Medically Reviewed by Jennifer Robinson, MD on September 14, 2021
It's More Than Being Scared
Your body's "fight or flight" response kicks into high gear. It can seem to come from nowhere -- maybe as you walk down the street or do the laundry. It can even wake you out of a sound sleep. There's often no obvious reason for your combination of symptoms. That's part of why it's called an "attack." It can be so sudden and intense that you feel helpless, unable to move or think clearly.
A jolt of adrenaline gets your heart racing or pounding -- or both. Your chest might hurt. You could even have trouble breathing.
Your throat tightens up, and you can't swallow. Or you might think you're going to throw up. These feelings can make it harder to catch your breath.
We're not talking about the fear you feel in the normal course of life, when you stand on the edge of a cliff, bring up a difficult subject, or start a new job, for example. During a panic attack, you may have an overwhelming sense that something really terrible is about to happen -- or that you're going to die -- despite knowing it's not true.
Sometimes you can get so lightheaded that the whole room starts to spin. Or it seems like you're disconnected from your surroundings.
This classic sign of anxiety can also be a symptom of a panic attack. You may sweat in other places, like under your arms, as well -- sometimes quite a lot. And you could get chills or hot flashes, too.
Trembling and Tingling
Your whole body may start shaking. With blood going to your heart and muscles, your fingers or toes can tingle or go numb.
One can come on suddenly, and it may be gone just as quickly. Like the other symptoms, this alone doesn't necessarily mean you're having a panic attack.
How Long Does It Last?
A panic attack usually hits all at once and builds to a peak in about 10 minutes. Then you'll slowly start to feel better. Attacks rarely last more than an hour, and most are over in 20 or 30 minutes. They aren't always the same.
Is It a Heart Attack?
The symptoms are similar: Chest pain, breathing problems, dizziness, sweating, even the feeling of losing control. If it's the first time you've felt like this, and you or a close family member have had any heart problems, go to the emergency room -- just to be safe.
When to See a Doctor
You probably don't need to worry if you have just one or two incidents and they go away without other problems. But if it happens more often than that, or if you're concerned, you should see your doctor. They can help you figure out what's triggering your attacks and how to manage them. They'll also want to rule out a heart condition call mitral valve prolapse.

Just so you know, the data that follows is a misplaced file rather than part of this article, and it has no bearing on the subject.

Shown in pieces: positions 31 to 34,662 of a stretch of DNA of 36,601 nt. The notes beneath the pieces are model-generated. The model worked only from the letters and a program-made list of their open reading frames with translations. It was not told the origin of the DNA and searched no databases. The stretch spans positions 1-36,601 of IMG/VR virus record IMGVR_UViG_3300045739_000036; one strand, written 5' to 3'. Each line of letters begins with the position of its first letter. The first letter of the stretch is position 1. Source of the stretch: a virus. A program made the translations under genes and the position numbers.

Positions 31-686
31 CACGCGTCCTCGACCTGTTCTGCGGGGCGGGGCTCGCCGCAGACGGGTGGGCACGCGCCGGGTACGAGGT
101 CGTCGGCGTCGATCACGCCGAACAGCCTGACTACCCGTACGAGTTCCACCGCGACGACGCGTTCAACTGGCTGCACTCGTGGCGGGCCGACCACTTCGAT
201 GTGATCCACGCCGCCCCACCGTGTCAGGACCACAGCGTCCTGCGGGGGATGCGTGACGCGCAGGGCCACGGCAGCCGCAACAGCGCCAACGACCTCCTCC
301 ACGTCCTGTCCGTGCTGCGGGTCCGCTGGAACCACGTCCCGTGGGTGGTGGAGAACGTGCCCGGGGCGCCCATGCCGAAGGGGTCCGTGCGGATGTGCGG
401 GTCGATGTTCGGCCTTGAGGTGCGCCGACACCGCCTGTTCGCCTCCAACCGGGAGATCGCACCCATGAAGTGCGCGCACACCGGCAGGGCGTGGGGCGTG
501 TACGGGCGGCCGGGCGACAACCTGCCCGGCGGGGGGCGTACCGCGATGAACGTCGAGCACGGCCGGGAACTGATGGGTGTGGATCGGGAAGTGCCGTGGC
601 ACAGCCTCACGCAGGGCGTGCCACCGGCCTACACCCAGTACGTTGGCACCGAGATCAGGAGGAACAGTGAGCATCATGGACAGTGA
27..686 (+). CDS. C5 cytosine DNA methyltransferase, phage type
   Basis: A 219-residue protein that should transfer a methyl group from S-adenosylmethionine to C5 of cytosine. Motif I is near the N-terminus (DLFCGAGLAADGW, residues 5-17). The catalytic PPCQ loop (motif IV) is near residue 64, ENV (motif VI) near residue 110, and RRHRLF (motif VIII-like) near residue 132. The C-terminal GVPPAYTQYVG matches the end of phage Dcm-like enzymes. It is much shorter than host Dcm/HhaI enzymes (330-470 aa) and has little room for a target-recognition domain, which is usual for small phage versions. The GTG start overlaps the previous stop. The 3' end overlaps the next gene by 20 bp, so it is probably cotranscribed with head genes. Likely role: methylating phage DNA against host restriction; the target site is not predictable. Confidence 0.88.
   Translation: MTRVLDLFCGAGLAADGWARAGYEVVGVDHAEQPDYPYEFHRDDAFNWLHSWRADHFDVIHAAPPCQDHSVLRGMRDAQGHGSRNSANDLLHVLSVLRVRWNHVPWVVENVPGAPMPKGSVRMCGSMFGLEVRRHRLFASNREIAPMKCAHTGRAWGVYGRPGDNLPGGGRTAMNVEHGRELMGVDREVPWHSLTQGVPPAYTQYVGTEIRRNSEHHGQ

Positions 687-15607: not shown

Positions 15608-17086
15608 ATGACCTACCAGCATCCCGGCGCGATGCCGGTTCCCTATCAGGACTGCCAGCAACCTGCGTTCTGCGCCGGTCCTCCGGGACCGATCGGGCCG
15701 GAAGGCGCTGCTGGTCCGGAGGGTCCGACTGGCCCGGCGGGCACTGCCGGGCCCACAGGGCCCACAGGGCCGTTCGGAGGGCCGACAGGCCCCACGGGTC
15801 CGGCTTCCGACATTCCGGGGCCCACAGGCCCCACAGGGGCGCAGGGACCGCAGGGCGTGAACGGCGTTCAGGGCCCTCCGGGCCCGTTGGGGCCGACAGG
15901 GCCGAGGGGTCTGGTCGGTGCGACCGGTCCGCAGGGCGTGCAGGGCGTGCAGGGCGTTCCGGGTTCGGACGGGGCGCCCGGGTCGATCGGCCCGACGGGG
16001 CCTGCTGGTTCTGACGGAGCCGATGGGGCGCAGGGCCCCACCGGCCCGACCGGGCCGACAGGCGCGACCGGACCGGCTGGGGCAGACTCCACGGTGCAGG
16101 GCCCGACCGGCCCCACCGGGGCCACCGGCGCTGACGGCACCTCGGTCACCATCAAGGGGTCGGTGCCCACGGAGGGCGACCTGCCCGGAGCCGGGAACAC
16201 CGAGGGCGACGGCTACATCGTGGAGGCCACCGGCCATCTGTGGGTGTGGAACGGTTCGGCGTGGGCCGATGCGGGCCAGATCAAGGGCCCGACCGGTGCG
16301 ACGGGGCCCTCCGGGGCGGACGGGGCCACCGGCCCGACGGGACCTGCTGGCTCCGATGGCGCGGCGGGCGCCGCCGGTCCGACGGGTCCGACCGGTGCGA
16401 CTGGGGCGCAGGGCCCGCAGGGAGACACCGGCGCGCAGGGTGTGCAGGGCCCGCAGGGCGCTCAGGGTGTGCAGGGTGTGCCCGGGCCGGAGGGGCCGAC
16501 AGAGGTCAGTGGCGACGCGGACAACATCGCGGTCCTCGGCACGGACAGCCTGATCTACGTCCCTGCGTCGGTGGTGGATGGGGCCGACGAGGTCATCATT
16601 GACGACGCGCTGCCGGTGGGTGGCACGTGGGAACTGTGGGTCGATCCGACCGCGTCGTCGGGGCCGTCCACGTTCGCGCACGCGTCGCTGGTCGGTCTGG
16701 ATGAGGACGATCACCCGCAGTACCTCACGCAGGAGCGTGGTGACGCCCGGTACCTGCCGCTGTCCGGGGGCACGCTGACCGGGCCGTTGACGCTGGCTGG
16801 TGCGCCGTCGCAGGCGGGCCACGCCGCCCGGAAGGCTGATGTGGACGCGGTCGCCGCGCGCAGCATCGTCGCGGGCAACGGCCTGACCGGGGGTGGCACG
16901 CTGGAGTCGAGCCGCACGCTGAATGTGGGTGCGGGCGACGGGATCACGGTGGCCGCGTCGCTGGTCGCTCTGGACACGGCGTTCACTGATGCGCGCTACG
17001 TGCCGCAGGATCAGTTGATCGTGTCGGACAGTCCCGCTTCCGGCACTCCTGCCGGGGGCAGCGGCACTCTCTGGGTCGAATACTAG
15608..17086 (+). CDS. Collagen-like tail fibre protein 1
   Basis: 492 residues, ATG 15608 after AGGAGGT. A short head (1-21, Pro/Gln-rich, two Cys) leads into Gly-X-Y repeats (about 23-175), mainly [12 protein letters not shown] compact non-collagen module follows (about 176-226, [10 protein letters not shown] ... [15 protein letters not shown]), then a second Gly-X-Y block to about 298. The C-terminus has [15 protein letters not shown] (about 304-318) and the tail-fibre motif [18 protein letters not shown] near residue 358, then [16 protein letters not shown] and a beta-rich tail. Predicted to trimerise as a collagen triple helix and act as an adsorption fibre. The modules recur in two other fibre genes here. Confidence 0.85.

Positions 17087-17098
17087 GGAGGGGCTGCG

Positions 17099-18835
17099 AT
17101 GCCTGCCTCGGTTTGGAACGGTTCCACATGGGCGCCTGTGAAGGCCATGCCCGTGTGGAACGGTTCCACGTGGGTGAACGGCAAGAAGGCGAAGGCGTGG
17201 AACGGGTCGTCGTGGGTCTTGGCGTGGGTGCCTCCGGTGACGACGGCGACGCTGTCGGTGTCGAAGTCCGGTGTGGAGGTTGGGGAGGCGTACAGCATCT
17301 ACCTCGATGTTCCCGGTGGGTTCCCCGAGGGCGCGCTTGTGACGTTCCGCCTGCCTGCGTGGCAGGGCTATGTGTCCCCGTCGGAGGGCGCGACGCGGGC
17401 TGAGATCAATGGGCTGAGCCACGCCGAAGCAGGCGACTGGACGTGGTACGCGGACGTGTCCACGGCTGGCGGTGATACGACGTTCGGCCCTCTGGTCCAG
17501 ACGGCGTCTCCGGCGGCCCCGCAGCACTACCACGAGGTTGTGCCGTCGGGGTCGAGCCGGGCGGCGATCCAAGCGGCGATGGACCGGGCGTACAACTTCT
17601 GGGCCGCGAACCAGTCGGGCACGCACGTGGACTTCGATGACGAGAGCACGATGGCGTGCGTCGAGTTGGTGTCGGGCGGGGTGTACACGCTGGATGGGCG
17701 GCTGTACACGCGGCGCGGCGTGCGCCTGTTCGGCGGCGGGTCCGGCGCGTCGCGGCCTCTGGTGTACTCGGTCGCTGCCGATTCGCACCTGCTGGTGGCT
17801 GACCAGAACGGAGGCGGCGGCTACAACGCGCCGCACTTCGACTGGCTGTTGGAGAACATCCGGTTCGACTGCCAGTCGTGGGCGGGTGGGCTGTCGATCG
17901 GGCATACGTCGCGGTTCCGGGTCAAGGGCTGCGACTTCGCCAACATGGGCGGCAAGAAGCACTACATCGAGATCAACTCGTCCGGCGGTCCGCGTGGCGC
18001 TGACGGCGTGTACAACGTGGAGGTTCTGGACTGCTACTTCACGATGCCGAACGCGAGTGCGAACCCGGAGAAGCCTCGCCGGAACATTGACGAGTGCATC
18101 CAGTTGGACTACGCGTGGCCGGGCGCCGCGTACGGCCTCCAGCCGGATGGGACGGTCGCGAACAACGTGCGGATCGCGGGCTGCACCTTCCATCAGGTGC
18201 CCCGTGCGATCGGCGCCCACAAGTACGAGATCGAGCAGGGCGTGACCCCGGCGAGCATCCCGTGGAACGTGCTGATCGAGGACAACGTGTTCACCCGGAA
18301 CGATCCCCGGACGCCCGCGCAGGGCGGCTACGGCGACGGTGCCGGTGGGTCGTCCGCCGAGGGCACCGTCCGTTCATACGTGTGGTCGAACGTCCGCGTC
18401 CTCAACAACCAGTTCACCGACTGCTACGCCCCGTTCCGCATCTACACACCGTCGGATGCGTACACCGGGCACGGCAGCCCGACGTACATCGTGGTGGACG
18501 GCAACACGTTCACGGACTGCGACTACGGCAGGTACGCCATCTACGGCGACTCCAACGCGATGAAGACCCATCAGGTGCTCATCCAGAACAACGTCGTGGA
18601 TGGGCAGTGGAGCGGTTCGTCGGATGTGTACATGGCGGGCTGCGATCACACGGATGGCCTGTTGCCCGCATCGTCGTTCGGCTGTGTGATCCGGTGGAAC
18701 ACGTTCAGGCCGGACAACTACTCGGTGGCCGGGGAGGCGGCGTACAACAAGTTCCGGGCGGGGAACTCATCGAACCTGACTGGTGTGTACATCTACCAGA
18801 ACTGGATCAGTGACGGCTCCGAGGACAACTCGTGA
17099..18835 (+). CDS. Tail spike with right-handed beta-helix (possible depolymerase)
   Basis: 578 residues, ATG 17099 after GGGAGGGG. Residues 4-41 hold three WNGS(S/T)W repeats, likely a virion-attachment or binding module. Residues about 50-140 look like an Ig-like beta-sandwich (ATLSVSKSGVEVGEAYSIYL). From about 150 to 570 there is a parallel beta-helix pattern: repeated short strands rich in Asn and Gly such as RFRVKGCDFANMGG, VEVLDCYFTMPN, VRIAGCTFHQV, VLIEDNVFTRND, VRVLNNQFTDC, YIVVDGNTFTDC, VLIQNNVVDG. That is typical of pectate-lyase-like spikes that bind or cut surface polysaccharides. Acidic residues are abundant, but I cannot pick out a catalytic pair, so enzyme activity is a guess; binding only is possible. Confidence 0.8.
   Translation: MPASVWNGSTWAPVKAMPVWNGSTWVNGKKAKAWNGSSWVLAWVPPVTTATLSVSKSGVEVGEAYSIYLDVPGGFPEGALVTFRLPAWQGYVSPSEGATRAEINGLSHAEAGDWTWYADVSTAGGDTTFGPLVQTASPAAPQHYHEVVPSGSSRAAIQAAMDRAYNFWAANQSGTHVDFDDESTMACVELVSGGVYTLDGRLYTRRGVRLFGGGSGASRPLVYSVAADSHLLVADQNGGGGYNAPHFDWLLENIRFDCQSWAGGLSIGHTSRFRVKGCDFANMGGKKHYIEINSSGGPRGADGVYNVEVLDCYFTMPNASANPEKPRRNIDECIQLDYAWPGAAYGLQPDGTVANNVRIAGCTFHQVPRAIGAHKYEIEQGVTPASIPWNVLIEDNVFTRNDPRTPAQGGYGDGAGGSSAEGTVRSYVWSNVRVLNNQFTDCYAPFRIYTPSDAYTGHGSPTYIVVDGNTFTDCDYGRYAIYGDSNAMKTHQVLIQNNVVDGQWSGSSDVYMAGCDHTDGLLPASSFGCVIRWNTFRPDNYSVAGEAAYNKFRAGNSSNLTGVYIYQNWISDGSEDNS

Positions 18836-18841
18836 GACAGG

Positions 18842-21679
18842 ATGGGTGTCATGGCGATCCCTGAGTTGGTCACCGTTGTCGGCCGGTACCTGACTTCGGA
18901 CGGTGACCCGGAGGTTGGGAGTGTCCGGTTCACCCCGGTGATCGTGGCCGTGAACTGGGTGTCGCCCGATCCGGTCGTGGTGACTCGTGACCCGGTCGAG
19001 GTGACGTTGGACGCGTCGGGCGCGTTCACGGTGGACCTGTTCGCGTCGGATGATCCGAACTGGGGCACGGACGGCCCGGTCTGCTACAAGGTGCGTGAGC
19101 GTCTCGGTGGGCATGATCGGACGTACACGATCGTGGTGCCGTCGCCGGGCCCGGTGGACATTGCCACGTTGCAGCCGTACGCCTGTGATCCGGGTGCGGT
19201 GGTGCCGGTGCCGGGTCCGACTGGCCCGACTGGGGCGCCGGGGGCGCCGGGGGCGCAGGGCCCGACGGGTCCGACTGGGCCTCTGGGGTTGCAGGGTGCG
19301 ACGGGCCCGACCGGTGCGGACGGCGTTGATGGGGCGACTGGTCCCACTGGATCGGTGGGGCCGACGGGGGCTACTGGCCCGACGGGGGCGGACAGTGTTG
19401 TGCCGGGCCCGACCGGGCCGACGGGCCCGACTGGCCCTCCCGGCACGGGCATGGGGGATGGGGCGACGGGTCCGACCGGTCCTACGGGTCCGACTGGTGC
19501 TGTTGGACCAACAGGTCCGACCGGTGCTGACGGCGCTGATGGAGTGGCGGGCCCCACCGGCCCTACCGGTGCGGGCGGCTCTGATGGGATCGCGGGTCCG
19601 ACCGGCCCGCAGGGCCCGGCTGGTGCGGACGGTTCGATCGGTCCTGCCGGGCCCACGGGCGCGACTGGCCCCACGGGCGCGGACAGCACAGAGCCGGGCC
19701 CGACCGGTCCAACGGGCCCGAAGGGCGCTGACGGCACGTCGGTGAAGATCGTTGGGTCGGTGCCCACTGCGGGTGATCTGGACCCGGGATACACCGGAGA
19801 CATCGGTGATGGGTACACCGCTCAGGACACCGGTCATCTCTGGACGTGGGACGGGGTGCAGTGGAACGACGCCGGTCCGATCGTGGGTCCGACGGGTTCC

Panic attacks tend to run in families and are often related to stress. Sometimes, there's a physical reason: Your thyroid gland makes too much hormone. You don't have enough sugar in your blood. You drank too much caffeine, or you took a stimulant drug like amphetamines or cocaine. Or you're abusing or withdrawing from drugs or alcohol.
If your doctor can't find a physical cause yet you keep getting panic attacks, you may have panic disorder, especially when you can't stop worrying about the next one coming. You may change the way you live day-to-day to avoid them.
What You Can Do
The first step is what you're doing now: understand what's going on. When you realize that it's unlikely to hurt you, only lasts a few minutes, and happens to other people, too, you may be less worried about it. Simply knowing that there are ways to treat them, including therapy and medication, can be a relief.
Connect With People
Anxiety thrives when you feel alone. It's best to see family and friends in person, but by phone or computer is better than nothing. If you don't have people to turn to, consider joining social groups, like a book club or sports league, to meet folks with common interests and start building relationships.
Get Enough Sleep
Aim for 7-9 hours a night. If you have trouble going to sleep, keep your room cool, dark, and quiet. Don't watch TV or use the computer or your smartphone right before bed. It also helps to go to sleep and wake up at the same time every day, even weekends.
Get 30 minutes on most days -- even if it's 10 minutes at a time -- and you're less likely to be stressed. That can lower your odds of having a panic attack. Any exercise helps, but it's better if you do activities that move both your arms and legs in rhythm: walk, run, swim, dance.
Avoid Cigarettes, Caffeine, and Alcohol
They can cause panic attacks or make one worse, if you get them regularly. Lots of medications -- including allergy pills, diet pills, and cold medicines -- have drugs in them that could have a similar effect. Talk to your doctor if you need help cutting these things out of your life.
Techniques like meditation and yoga can help you release tension and train yourself to be at peace and centered. Deep, controlled breathing is a great way to calm yourself down when you feel on edge with attack symptoms coming on.
IMAGES PROVIDED BY:
Helpguide.org: "Panic Attacks and Panic Disorder."
Cleveland Clinic: "Panic Disorder."
Harvard Health Publications: "Understanding the stress response."
Mayo Clinic: "Panic attacks and panic disorder: Symptoms."
Anxiety and Depression Association of America: "Am I having a panic attack or a heart attack?" "Sleep Disorders."
Medical Clinics of North America: "Mitral valve prolapse, panic disorder, and chest pain."